In the 1950s, Metropolis and Teller pioneered molecular dynamics (MD) as a method to derive the thermodynamic and transport properties of bulk molecular liquids. Submicron ensembles comprising a few hundred atoms with periodic boundary conditions were used to derive the bulk liquid properties. Even though the ensembles were submicron, the periodic boundary conditions allowed the heat capacity of the atom at wavelengths longer than the dimensions of the ensemble to be included in the MD simulations.

Today, MD simulations have been extended almost entirely to discrete submicron structures. See WTC IV The implicit assumption in the later MD simulations was there is no difference between the thermal heat capacity of the atoms in the discrete submicron structures and those ensembles in MD simulations with periodic boundary conditions.

However, quantum mechanics (QM) as embodied in the Einstein-Hopf relation shows the thermal heat capacity of the atom as given by the Planck energy of the harmonic oscillator depends on dispersion with wavelength. At ambient temperature, most of the thermal heat capacity of the atom is available at wavelengths > 100 microns where the thermal kT energy is about 25.8 meV. But the thermal emission from atoms in submicron structures is confined to wavelengths < 1 micron, and therefore excludes almost all of the heat capacity of the atom. Alternatively, atoms in discrete submicron structures in MD simulations lack the heat capacity necessary to conserve absorbed EM energy by an increase in temperature.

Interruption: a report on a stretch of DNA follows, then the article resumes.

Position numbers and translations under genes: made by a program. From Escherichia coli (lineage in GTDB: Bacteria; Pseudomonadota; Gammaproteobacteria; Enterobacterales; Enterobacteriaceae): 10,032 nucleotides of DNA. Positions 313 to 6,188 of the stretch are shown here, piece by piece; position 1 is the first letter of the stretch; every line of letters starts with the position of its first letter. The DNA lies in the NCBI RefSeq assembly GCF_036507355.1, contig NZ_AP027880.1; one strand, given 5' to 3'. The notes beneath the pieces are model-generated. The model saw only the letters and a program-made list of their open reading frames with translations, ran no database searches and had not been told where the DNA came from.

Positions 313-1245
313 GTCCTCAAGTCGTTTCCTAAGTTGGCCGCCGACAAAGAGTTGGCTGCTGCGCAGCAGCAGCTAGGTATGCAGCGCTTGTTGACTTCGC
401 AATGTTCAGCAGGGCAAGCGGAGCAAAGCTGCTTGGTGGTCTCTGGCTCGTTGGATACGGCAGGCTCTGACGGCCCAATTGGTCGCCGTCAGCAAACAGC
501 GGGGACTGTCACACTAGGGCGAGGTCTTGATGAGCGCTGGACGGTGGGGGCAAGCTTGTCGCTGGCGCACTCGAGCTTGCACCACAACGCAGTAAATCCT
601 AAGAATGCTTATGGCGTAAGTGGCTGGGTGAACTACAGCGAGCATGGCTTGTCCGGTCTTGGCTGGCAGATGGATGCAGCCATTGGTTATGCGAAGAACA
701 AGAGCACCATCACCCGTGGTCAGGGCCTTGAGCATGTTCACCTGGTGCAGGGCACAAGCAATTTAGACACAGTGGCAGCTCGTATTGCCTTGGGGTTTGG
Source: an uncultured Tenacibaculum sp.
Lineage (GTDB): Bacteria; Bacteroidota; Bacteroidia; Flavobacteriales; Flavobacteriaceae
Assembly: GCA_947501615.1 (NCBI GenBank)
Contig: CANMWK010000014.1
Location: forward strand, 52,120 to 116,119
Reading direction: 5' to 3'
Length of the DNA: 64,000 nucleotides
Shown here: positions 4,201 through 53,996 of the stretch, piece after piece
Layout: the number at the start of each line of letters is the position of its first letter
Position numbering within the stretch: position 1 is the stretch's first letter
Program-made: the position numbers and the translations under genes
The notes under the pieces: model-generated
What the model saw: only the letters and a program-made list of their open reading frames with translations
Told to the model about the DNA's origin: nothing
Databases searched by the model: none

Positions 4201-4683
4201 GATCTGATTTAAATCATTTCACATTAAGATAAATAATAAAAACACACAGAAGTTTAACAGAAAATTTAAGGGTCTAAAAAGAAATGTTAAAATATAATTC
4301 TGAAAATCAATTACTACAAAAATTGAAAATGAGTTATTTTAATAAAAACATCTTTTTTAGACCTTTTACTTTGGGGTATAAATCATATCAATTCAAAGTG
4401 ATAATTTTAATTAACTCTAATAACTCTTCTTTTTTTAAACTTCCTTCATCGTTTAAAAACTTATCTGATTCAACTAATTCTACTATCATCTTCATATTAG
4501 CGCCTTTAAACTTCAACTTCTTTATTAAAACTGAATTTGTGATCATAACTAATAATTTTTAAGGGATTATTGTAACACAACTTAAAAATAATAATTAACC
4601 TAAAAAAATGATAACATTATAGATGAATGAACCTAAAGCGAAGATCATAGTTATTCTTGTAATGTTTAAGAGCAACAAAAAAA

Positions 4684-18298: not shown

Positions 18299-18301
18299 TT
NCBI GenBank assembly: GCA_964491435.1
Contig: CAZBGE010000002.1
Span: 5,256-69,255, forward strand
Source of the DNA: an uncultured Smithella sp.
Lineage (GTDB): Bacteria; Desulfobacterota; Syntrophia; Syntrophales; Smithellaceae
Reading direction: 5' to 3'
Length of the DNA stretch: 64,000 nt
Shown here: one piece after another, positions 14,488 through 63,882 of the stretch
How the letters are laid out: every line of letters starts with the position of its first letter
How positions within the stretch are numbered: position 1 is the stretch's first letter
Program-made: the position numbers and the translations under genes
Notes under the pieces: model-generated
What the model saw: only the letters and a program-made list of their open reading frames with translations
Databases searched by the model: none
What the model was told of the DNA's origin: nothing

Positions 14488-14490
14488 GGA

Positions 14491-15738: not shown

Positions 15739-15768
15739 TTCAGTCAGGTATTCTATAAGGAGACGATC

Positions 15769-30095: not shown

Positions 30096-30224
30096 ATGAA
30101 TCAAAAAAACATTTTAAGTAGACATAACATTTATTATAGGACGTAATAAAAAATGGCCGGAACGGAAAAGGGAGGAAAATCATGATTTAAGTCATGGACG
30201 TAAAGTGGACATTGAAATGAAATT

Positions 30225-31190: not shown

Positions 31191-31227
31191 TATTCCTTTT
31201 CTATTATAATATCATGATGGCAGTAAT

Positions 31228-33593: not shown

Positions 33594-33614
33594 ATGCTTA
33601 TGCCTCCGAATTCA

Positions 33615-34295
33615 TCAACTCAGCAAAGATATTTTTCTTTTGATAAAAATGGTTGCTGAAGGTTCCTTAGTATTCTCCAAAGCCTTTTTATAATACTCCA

MD simulations of discrete submicron ensembles may proceed as usual provided the QM restriction on the heat capacity of the atoms is properly simulated. One such method is the theory of QED induced radiations. See QED radiations Lacking the heat capacity to conserve absorbed EM energy by an increase in temperature, the absorbed EM energy is frequency up or down-converted by QED to the EM confinement frequency of the submicron structure. Subsequently, the absorbed EM energy is conserved by the emission of non-thermal EM radiation.